Finally! Black-ish is back on track. I was honestly dreading this episode after a week’s hiatus because I had become frustrated with how off the show had been lately, but “The Purge” pulled me back on board. Once again, the show tackles Dre’s fragile masculinity, this time via his relationship with Junior. Meanwhile, Diane just needs a head-spin to complete her descent into full evil. I’m honestly not sure how to feel about that yet.
Whenever a man starts spouting nonsense about alpha and beta males, you may as well attach a diaper to his mouth to catch all the nonsense spilling out. Dre compares the father-son relationship to that of the animal kingdom. Alphas rule the pack; betas are the cute ones who get walked over. There’s a montage of Dre doing stuff like knocking a bowl of chips out of Junior’s hands, then stepping on the spilled food to make the clean-up worse. I suppose that kind of behavior is supposed to be male bonding, but it feels like Dre is one swirly away from bullying his own son. Dre wants to make sure Junior knows he can never be better than him, which doesn’t seem particularly loving. Dre is like a fairytale’s evil stepmother figure to his own son.
During a basketball game between Dre and Junior, Dre keeps talking trash so Junior dunks on him, complete with his crotch on Dre’s forehead. Dre would’ve been okay, but Jack was recording on his phone and uploaded the footage. The clip is so popular that it’s trending on Twitter, the real one, Connor notes at work, not the one Empire owns. Charlie can’t even recognize Dre without Junior’s testicles in his face. To make matters worse, Junior sends Dre a package of with a note that reads “Dear Dad, I know how much you like to eat nuts.” The gang at work revels in Dre’s humiliation and he can’t stand it. He vows to get revenge on Junior for trying to “man up.”
Dre is seriously pouting about getting owned by his son, and Junior keeps rubbing it in by mocking Dre’s shorter height. Unwilling to tolerate such humiliation, Dre decides to prank Junior by making him think his gift of nuts sent Charlie into fatal anaphylactic shock. He fakes a funeral that Josh pays for, thinking Charlie’s death is real. The family is in on the prank, but it doesn’t stop Diane from smiling as she imagines Charlie’s real death. Diane’s beef with Charlie has become a little alarming, even if it’s still a treat to watch. Bow is not all the way on board with Dre’s prank, but he tells her it’s his “Sixteen Chapel” and he has to see it through.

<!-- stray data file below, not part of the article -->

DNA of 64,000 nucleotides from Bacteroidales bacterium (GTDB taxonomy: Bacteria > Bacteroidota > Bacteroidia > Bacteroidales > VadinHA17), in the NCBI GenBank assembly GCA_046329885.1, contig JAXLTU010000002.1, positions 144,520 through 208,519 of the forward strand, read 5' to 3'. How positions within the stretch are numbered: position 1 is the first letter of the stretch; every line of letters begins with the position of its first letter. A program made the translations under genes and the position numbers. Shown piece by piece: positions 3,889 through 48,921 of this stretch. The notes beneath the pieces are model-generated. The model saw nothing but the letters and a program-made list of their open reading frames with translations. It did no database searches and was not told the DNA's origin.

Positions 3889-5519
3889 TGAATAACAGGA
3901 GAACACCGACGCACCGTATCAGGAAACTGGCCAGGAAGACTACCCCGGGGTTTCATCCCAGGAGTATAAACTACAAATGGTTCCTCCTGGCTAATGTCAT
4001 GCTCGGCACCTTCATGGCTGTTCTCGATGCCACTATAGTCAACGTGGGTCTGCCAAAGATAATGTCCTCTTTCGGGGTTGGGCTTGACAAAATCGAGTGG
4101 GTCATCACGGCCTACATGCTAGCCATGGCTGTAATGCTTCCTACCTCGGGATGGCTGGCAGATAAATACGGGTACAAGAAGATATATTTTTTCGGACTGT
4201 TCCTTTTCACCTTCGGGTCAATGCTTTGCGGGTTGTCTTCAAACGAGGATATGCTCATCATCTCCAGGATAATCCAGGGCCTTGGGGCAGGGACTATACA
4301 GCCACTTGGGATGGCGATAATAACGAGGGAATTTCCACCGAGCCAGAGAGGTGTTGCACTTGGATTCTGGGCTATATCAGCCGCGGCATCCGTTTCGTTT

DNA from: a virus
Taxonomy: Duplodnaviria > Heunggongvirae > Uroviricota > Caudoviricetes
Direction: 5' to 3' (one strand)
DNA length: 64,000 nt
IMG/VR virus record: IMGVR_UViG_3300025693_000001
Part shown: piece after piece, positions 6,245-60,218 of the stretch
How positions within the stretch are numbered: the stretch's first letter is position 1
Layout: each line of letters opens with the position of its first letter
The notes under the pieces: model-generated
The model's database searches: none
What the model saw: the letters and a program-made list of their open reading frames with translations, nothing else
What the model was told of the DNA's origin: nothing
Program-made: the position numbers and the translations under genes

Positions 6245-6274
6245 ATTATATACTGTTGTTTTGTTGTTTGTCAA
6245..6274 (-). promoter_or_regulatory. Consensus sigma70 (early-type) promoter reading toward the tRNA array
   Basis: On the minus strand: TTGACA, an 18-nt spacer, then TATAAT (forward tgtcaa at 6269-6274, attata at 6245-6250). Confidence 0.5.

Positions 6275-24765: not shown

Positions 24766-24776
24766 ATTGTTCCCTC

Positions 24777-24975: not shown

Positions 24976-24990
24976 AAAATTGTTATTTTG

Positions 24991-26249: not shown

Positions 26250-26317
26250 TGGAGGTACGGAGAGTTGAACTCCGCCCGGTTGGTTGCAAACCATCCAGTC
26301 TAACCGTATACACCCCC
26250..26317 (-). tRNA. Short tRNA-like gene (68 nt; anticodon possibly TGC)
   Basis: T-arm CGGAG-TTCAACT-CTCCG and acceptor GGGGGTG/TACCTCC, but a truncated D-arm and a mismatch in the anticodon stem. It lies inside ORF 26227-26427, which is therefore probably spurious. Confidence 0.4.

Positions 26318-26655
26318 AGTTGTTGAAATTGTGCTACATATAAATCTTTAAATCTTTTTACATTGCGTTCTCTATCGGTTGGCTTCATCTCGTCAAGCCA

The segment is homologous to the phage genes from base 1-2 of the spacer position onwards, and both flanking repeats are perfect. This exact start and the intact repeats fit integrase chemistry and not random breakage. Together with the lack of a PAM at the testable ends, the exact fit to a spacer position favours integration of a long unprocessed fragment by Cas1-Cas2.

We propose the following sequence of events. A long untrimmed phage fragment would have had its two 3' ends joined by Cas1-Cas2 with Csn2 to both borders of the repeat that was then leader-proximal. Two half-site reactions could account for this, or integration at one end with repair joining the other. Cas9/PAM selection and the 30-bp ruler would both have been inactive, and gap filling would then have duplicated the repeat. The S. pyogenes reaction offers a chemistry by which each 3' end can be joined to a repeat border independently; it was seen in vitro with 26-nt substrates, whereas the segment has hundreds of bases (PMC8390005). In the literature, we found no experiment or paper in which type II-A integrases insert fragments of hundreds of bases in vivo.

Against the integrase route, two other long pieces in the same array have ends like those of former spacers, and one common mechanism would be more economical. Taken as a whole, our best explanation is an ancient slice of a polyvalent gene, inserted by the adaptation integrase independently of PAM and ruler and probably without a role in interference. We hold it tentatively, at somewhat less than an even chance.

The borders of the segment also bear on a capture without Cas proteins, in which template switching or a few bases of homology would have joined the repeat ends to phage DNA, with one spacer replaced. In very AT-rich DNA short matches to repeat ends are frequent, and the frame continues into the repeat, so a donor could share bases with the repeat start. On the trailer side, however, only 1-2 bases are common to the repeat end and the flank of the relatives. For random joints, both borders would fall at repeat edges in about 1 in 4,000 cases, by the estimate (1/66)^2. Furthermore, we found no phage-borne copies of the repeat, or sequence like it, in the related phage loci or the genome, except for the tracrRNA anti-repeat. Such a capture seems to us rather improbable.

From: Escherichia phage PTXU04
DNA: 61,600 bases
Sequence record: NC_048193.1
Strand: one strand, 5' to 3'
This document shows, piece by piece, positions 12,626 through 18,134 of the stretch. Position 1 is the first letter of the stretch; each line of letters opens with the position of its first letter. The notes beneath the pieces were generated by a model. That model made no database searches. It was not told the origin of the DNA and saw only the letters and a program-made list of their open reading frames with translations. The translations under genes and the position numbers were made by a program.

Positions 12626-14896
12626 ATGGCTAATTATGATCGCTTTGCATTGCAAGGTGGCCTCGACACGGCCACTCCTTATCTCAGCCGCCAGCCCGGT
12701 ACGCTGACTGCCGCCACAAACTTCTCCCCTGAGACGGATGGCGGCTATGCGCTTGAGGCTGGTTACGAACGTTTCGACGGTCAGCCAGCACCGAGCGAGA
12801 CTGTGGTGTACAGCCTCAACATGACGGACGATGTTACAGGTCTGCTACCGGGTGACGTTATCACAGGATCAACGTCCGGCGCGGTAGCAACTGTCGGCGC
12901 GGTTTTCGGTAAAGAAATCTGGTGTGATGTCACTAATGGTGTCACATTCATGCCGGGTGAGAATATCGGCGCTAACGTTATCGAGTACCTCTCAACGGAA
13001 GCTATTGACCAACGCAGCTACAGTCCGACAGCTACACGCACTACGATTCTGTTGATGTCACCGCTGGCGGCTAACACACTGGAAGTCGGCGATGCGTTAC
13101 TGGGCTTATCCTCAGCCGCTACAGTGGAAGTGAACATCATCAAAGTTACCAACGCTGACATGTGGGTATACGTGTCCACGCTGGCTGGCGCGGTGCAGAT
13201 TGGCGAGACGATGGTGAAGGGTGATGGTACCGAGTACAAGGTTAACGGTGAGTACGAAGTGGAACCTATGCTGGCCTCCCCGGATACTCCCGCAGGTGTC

Dre has Charlie “haunt” Junior. Charlie whispers, “You killed me,” from the casket and shows up on Junior’s television screen like a poltergeist. Adding a nice wrinkle to the story, Charlie’s scared he might be dead for real. He keeps asking Dre for reassurance and it’s hilarious.
Dre’s final prank is to hang Charlie above the hallway to give Junior the biggest scare. Junior tumbles down the stairs and breaks both legs. The family ends up at the hospital and the doctor reports Dre for possible child abuse. After listening to Dre’s side of the story, the doctor tells Dre he’s not abusive — just a short, petty man. Junior goes home in a wheelchair and Dre apologizes, but of course, it’s not enough. Junior calls Dre out on his inability to let him grow up. Junior tells Dre he doesn’t love him; Dre just sees him as his punching bag and will always try to keep him down.
Dre looks devastated, but he gets no sympathy because Junior is telling the truth. Dre’s code of masculinity has him constantly belittling his son so he can remain top dog and it’s petty, childish, and damaging. Fortunately for him, Junior has another trick up his sleeve. The broken legs were another prank, which Junior reveals when he dunks on Dre yet again. (It turns out Junior had seen Ghost Charlie eating a Luna bar and asked Bow to help him plan the ultimate revenge.) The family comes out to witness Dre’s humiliation. Dre gives Junior his props and asks him to help him prank Bow next year, and I guess all’s well there. Dre realizes he needs to embrace the idea of Junior surpassing him. It’s all a part of the circle of life Dre cherry-picks life lessons from.
While Junior was being haunted for being better than his dad at one little thing, neighbor Janine planned a mischief night for the neighborhood as a way to keep any urban outsiders (a.k.a. the Johnson cousins) out. Ruby takes over and makes it into a real life “purge,” which Diane is immediately attracted to. Jack and Diane join the purge against Bow’s wishes, and she finds them just as Diane is about to send a Molotov cocktail into someone’s house. Diane is way too excited at the prospect of making a family homeless; I know it’s supposed to be funny, but that’s too far! Bow expresses her concern, but as she’s about to take them back home, a group of masked people fire paintballs at her. She takes all the shots to protect the twins, then launches off a string of profanity so wild, Jack is scandalized and Diane’s skin dances.
Fittingly, Ruby’s logic for the purge is if everyone works out their aggression in one night, they can be brand new people the next day. She goes overboard and knocks Janine’s mailbox off so Janine takes an ax to Ruby’s Benz. There’s no such thing as purge insurance, so Ruby will have to pay for any damage. Maybe she was onto something, though: The twins are really nice to each other the following morning. But if we’re being totally honest, Super Nice Diane is even creepier than Potential Arsonist Diane.
After a few disappointing episodes, Charlie pulled Black-ish out of its rut. I guess Dre being intimidated by his 16-year-old is better than Charlie constantly forgetting to provide any type of care or nurturing to his son. Poor Eustace. I’m glad Black-ish seems to have found its rhythm again and I’m looking forward to what’s next.